He’d come back to his apartment for a change of scenery, but that was absolutely no help, so he made his way back to Delta’s Island. The moment he set foot in the high-rise, he could feel Charity’s presence in an inexplicable way. Just knowing she was here made his heart twist. Yet, he couldn’t bear to go to the infirmary. Charity was out cold and out of reach. For a second he thought that at this rate, she might as well be dead. He quickly put a lid on it. So long as she was breathing, there was hope. But he still couldn’t bring himself to go see her.
Instead, he sat in the common room at the Delta Division headquarters with his tablet and a latte. For the hundredth time, he went over the evidence and everything else he knew. Point one: the Fae were back in town. Mischievous and disorganized, they operated with fear, rallying only when a powerful person gave them direction. They seemed to have infiltrated the entire planet. Ferreting them out would likely require an alliance with the Elves of Atlantis. Point two: Stryker was assassinated with a method that nullified his powers. Usually the first suspect would be Solstice in this instance, but they were equally confused and desperate to find out how it was done so they could duplicate it.
That list threatened to get long as each point branched off into interconnecting sub points. He’d have to ask Sam for a war room where he could spread everything out evenly. While he was making mental lists, he decided instead to focus on a list of the attacks.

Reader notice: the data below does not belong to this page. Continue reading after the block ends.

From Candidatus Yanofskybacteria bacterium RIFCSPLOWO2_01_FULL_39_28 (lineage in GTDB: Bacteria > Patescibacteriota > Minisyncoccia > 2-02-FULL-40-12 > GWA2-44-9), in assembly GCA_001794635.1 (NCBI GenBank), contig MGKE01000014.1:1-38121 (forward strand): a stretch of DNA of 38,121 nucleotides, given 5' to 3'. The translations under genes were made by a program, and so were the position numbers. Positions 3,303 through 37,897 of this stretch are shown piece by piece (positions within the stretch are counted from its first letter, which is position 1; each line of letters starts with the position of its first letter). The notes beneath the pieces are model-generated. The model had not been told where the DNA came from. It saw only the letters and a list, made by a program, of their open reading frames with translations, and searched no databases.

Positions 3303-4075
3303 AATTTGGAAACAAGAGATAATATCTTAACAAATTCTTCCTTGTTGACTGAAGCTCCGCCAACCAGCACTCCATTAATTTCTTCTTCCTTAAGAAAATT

First, there was Stryker. No, that wasn’t right. Technically, Charity had been attacked first, it just hadn’t become evident until much later. So, in a reaction to what seemed like a global infiltration of Shadow Fae, they’d gone to investigate the only other god-like being they’d heard of on this planet. That had more or less been a bust, especially since they’d been pulled early.
Eric thought a minute. They’d been pulled just as Stryker was assassinated. He flipped his tablet to his records to see exactly the time that the shot was fired, then checked the time that Charity got bit. He allowed himself to theorize for a second. What if the assassin was waiting for the attack on Charity? What if Charity was the target and Stryker was just a distraction to make sure no one noticed she had been infected?
Then there was Sam. Still alive, but was it coincidence that she’d been poisoned on the same night as Stryker’s assassination? For that matter, why poison? It was such an archaic, unreliable method of killing, especially with someone like Dr. Franks in the building. Why would anyone even attempt such a thing? Unless it was meant to fail.
“Hello, Mr. Harrington. How are you holding up?” Sam slid into the chair across from him, the picture of dignity.
Eric looked up from his tablet. “Evening, Director. As well as can be expected, I guess. I keep hoping I’ll drink myself into a lucid dream that’ll reveal it all.”” He smiled, and Sam chuckled.
“We can only hope, I suppose. But until they discover a reliable method for substance-induced dreamscape fortunetelling, perhaps it would be better for you to remain sober. Especially when on the job.” Her smile scolded him gently, and without judgment.
Eric nodded to his latte beside him. “Just coffee and milk. Not even a hint of cream liqueur.”